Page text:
IT is the peculiar excellence of sacred history, to dis play the hand and counsel of God, in the government of the moral world. The inspired writers relate not only the free and voluntary actions of men, but represent them as inseparably connected with the free and voluntary agency of the Deity. This circumstance renders sacred history much more interesting and instructive than profane, which contains little more than the bare recital of past actions and events. The agency and design of God in all the concerns of men, give them their greatest importance. Though the history of Joseph contains a great variety of singular and surprising events; yet these would appear comparatively trifling, were they not related in connexion with the ultimate design and superintendency of God, in bringing them to pass. In this view, there is something extremely interesting in the account of Joseph's making himself known to his brethren. "Then Joseph could not refrain himself before all them that stood by him; and he said, Cause every man to go out from me: and there stood no man with him, while Joseph made himself known to his brethren. And he wept aloud: and the Egyptians and the house of Pharaoh heard. And Joseph said unto his breth
ren, I am Joseph; doth my father yet live? And his brethren could not answer him: for they were troubled at his presence. And Joseph said unto his brethren, Come near to me, I pray you: and they came near: and he said I am Joseph your brother, whom ye sold into Egypt. Now therefore be not grieved, nor angry with yourselves, that ye sold me hither: for God did send me before you to preserve life." This was as much as to say, "Though you meant to destroy a brother's life, and break a father's heart; yet I freely and heartily forgive you. And though you meant to defeat the design and control the hand of God, for which you ought to repent in dust and ashes; yet be not grieved that the event took place, for God was the supreme agent in it, and made use of you as instruments, to accomplish the wise and benevolent purpose of preserving your lives, and the lives of millions in the midst of the present extensive and destructive famine." In this address to his brethren, Joseph represents God as doing what they had done. Though they sent him into Egypt, yet he represents God as sending him thither. He more fully expresses this idea in the words immediately succeeding the text. "These two years hath the famine been in the land: and yet there are five years, in which there shall be neither earing or harvest. And God sent me before you to preserve you a posterity in the earth, and to save your lives by a great deliverance. So now it was not you that sent me hither, but God." That is, God was the primary and supreme agent, in bringing about this great and most happy event. This is the truth which now naturally falls under our consideration,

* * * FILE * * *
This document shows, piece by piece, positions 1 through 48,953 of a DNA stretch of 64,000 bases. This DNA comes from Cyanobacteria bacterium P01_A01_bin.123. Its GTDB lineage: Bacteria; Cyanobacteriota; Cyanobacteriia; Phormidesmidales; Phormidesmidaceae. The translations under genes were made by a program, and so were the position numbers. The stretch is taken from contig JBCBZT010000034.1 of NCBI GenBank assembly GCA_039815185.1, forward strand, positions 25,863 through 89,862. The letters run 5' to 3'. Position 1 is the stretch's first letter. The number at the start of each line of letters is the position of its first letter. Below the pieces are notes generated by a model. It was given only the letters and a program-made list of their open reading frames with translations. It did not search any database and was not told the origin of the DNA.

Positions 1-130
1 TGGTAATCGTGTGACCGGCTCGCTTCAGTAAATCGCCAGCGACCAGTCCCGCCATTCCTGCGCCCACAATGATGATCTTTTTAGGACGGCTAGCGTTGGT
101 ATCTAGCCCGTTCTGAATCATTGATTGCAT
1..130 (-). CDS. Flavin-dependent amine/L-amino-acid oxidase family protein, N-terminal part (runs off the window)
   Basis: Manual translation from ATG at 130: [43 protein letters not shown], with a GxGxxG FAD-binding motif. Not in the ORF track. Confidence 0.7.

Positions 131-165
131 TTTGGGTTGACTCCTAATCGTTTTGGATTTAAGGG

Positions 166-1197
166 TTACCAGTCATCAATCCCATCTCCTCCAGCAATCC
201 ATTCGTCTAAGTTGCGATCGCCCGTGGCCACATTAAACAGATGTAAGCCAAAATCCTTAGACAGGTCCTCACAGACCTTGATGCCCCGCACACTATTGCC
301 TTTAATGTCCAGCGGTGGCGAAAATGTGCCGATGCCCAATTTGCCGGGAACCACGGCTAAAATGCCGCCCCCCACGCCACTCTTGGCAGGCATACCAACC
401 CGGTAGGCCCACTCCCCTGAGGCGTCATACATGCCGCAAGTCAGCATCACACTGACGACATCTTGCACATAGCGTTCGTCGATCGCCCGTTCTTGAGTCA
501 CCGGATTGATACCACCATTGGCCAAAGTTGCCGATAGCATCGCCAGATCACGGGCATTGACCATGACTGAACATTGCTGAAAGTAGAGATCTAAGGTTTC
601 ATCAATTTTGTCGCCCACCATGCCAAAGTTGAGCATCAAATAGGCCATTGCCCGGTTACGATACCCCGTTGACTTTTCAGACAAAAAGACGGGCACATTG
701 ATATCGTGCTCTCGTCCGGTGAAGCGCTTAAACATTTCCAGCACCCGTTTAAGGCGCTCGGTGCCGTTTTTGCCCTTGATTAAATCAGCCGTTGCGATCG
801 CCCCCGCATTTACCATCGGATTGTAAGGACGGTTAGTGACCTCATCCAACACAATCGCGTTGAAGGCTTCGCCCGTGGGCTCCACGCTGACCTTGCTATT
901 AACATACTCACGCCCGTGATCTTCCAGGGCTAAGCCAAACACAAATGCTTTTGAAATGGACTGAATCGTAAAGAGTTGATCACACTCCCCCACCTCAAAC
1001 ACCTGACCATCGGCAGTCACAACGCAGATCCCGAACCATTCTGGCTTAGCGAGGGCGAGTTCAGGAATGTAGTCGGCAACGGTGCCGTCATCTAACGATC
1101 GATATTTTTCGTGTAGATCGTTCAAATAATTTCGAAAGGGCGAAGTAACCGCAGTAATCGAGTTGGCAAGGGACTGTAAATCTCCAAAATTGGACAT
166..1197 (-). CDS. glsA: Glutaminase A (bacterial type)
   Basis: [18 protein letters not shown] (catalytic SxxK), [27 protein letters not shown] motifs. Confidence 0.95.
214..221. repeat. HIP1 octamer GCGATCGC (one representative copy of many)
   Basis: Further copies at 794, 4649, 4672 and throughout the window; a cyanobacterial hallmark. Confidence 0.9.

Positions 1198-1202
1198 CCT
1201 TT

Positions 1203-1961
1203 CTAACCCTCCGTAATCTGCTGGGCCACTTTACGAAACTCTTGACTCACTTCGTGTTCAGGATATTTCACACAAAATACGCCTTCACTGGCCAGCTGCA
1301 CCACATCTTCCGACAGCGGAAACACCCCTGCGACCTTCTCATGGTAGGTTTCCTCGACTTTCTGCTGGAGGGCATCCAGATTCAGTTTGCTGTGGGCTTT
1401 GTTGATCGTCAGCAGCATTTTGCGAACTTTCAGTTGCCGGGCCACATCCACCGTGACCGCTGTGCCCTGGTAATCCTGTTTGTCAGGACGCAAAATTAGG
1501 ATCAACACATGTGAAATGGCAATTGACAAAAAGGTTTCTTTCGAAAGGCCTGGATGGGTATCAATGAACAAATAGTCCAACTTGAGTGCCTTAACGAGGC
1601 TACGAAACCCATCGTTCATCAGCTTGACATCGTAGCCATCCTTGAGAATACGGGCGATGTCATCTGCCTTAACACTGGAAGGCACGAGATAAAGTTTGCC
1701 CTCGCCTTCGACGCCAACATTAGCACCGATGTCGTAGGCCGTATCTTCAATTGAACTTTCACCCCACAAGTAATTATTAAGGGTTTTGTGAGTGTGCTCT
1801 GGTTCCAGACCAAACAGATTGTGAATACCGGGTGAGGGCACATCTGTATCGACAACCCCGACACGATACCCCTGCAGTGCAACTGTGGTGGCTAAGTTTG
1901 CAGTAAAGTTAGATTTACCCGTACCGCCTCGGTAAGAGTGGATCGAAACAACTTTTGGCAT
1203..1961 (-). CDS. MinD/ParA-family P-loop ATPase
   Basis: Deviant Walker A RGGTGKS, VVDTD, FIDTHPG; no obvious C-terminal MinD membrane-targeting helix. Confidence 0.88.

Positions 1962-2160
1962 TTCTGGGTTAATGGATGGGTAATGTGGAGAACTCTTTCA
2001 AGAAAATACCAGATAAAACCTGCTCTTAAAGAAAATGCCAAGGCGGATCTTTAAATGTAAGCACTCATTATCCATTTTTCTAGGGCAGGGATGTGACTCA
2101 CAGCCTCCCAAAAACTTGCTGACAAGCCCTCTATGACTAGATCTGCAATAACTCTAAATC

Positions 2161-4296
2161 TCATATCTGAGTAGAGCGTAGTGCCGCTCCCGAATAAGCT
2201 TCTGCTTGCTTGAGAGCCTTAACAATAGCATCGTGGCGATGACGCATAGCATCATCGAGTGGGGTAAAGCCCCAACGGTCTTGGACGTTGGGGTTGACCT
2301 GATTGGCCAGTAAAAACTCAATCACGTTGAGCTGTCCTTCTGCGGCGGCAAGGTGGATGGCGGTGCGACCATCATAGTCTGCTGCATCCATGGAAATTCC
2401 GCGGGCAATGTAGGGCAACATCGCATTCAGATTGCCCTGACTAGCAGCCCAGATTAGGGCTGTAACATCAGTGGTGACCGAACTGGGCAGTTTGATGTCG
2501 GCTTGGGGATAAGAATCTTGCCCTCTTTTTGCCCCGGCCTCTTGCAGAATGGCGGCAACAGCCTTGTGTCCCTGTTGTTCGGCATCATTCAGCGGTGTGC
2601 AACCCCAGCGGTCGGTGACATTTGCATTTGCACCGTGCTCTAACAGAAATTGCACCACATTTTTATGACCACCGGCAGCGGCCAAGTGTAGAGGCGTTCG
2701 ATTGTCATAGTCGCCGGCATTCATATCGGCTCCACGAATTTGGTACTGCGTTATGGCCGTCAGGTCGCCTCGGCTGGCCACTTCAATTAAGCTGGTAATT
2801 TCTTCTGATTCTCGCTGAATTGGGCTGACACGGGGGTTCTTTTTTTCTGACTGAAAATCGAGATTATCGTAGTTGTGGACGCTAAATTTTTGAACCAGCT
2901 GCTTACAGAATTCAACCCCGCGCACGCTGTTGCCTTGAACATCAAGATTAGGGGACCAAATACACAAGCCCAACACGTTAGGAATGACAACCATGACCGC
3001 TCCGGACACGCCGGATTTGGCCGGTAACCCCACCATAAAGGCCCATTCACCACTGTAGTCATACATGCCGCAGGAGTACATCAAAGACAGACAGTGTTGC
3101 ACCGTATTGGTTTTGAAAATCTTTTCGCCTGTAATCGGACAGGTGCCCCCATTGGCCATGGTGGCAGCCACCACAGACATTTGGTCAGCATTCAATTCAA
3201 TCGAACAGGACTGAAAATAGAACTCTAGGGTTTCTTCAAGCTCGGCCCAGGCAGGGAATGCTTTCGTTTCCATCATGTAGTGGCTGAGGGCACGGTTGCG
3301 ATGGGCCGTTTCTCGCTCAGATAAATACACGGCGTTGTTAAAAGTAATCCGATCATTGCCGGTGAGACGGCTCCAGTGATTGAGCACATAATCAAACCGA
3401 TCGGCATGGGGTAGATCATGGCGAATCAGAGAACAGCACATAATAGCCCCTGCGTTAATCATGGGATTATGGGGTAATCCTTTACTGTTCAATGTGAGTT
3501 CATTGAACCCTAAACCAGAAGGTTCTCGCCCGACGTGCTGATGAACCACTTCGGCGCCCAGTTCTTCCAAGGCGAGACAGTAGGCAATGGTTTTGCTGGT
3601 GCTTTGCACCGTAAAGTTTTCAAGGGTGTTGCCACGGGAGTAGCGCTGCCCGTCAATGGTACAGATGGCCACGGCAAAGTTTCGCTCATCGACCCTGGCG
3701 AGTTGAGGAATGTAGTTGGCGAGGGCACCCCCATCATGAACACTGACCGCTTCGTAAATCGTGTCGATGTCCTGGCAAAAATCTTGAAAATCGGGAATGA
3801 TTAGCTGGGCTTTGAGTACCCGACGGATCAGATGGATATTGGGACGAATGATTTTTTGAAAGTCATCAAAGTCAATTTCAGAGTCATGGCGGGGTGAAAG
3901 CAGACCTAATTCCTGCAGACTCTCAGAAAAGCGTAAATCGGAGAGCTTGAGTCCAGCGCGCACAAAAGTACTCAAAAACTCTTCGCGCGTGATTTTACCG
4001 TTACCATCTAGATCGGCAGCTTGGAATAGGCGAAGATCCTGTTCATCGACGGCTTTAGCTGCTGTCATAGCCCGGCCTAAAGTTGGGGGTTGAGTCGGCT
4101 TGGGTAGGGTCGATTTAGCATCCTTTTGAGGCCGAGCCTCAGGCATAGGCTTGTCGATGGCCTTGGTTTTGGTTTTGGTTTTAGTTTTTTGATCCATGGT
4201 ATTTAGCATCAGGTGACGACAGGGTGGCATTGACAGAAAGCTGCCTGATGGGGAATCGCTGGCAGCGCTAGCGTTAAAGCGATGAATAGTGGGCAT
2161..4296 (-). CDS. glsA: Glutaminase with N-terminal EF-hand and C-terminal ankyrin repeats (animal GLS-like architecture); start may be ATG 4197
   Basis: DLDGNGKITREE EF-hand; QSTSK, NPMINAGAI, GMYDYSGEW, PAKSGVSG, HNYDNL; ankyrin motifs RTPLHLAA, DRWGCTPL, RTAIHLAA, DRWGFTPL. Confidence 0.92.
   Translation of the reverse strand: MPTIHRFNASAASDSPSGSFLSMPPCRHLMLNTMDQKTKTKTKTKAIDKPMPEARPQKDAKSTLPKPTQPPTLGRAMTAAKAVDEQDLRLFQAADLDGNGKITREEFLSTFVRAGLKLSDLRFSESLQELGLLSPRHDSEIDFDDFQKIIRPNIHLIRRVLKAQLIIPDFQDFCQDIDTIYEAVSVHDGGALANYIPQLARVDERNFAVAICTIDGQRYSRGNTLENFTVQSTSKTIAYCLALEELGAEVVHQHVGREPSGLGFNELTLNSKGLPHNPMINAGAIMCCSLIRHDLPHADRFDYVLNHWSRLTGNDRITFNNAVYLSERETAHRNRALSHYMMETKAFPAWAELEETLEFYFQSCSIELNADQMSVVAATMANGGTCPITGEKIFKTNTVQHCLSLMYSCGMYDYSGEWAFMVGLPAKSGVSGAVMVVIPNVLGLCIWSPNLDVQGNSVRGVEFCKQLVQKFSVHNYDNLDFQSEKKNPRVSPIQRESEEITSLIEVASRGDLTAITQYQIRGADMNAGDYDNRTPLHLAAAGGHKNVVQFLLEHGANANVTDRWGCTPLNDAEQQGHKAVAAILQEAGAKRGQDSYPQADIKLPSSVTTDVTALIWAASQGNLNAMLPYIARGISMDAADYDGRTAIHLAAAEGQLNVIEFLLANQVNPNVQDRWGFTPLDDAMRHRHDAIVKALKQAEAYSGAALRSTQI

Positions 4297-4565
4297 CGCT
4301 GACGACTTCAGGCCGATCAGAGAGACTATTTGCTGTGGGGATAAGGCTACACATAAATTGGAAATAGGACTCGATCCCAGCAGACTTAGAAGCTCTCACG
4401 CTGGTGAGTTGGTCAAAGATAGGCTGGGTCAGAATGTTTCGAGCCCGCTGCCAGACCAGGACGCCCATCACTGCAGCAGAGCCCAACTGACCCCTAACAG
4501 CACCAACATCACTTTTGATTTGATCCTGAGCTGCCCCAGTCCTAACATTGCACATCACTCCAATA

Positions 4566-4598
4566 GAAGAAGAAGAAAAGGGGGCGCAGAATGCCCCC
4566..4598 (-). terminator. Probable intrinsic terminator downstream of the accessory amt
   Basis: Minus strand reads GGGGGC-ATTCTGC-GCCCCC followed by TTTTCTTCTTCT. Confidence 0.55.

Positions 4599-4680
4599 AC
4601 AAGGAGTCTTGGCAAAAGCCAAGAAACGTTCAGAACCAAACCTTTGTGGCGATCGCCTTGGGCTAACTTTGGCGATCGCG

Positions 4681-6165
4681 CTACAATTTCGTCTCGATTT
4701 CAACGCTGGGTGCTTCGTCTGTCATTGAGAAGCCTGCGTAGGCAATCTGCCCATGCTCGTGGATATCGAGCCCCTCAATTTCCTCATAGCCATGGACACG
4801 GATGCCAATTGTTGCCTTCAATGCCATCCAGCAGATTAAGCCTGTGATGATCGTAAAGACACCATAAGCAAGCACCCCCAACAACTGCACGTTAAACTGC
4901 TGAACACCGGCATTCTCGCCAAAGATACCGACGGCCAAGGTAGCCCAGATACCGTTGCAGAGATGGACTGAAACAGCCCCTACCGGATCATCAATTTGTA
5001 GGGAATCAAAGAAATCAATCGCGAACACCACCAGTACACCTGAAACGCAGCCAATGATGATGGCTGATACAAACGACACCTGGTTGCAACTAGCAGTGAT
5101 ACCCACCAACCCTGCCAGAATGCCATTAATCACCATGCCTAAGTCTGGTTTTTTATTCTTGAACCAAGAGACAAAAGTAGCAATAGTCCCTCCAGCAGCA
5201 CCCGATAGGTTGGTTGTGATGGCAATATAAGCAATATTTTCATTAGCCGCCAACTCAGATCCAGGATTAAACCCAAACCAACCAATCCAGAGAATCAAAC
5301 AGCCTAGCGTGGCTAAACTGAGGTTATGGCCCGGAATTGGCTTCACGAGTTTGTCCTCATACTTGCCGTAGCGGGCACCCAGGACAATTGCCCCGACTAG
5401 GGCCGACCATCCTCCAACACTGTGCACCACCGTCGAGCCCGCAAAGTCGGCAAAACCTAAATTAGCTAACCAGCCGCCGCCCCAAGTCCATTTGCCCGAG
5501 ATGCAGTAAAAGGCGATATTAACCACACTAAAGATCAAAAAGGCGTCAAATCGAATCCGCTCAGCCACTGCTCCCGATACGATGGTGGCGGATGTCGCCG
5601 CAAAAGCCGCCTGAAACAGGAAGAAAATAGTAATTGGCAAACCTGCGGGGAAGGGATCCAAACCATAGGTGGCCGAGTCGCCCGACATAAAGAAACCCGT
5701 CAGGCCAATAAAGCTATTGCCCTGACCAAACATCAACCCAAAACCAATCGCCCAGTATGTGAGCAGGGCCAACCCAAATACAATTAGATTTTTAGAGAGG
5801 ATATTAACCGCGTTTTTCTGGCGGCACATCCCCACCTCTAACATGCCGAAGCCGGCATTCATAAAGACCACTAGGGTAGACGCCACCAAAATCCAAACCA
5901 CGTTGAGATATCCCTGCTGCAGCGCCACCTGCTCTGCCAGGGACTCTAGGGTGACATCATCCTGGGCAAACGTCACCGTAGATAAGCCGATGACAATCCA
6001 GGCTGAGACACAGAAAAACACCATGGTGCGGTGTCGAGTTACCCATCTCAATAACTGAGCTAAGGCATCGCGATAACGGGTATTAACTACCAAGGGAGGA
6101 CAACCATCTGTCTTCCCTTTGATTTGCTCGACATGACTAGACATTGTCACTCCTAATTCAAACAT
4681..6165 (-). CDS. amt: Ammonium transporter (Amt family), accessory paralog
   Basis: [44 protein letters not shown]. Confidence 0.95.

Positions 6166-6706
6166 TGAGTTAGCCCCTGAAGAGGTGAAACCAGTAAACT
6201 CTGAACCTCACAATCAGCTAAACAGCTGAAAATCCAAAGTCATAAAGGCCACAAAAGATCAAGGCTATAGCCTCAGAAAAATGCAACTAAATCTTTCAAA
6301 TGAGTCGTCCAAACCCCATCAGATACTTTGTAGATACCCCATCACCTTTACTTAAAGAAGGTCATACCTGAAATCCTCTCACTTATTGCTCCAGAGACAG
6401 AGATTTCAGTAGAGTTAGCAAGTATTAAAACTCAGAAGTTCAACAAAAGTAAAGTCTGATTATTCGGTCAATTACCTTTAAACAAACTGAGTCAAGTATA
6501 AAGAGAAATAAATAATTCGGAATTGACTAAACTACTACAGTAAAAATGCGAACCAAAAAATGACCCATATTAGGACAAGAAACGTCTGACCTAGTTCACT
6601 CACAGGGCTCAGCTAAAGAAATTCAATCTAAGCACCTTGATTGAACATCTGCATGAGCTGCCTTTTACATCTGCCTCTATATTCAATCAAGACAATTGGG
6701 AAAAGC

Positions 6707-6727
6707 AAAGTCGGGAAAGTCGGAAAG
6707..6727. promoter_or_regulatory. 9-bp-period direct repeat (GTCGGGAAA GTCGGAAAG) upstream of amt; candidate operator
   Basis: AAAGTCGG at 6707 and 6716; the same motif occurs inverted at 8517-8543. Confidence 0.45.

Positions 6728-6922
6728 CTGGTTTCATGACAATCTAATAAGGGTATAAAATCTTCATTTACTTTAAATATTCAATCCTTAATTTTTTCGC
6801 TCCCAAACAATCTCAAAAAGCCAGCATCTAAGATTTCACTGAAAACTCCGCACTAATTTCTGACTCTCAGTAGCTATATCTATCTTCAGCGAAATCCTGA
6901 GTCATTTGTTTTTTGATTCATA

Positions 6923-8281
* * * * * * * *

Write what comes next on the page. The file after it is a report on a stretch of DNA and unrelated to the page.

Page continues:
That the Scripture ascribes the actions of men both to themselves and to God.
I shall endeavour to illustrate the truth, the propriety, and the importance of this doctrine.
1. We are to consider, that the Scripture does ascribe the actions of men both to themselves and to God. It will be universally allowed, that the Scripture ascribes the actions of men to themselves. It ascribes to Abel his faith, to Cain his unbelief, to Job his patience, and to Moses his meekness. Having just premised this, I proceed to adduce instances, in which the Scripture ascribes the actions of men to God as well as to themselves. The first instance that occurs is in the history of Joseph. It is said his brethren sold him into Egypt, and at the same time God is said to send him thither. It is said God hardened the heart of Pharaoh, and Pharaoh is said to harden his own heart. The same mode of expression is used in reference to the Egyptians. They hardened their own hearts, when they presumed to follow the Israelites into the midst of the sea, with a fixed design to overtake and destroy them. But God himself says he would harden their hearts on that occasion. "And I, behold I will harden the hearts of the Egyptians, and they shall follow them, and I will get me honour upon Pharaoh, and upon all his hosts, upon his chariots, and upon his horsemen." Saul went of his own accord to Samuel, yet God says he sent him. Shimei cursed David of his own accord, yet David ascribed his conduct to the divine agency. The Sabeans and Chaldeans stripped Job of his servants and substance; yet he says, "the Lord gave, and the Lord hath taken away." God is said to do what the king of Assyria did. "O Assyria, the rod of mine anger, and the staff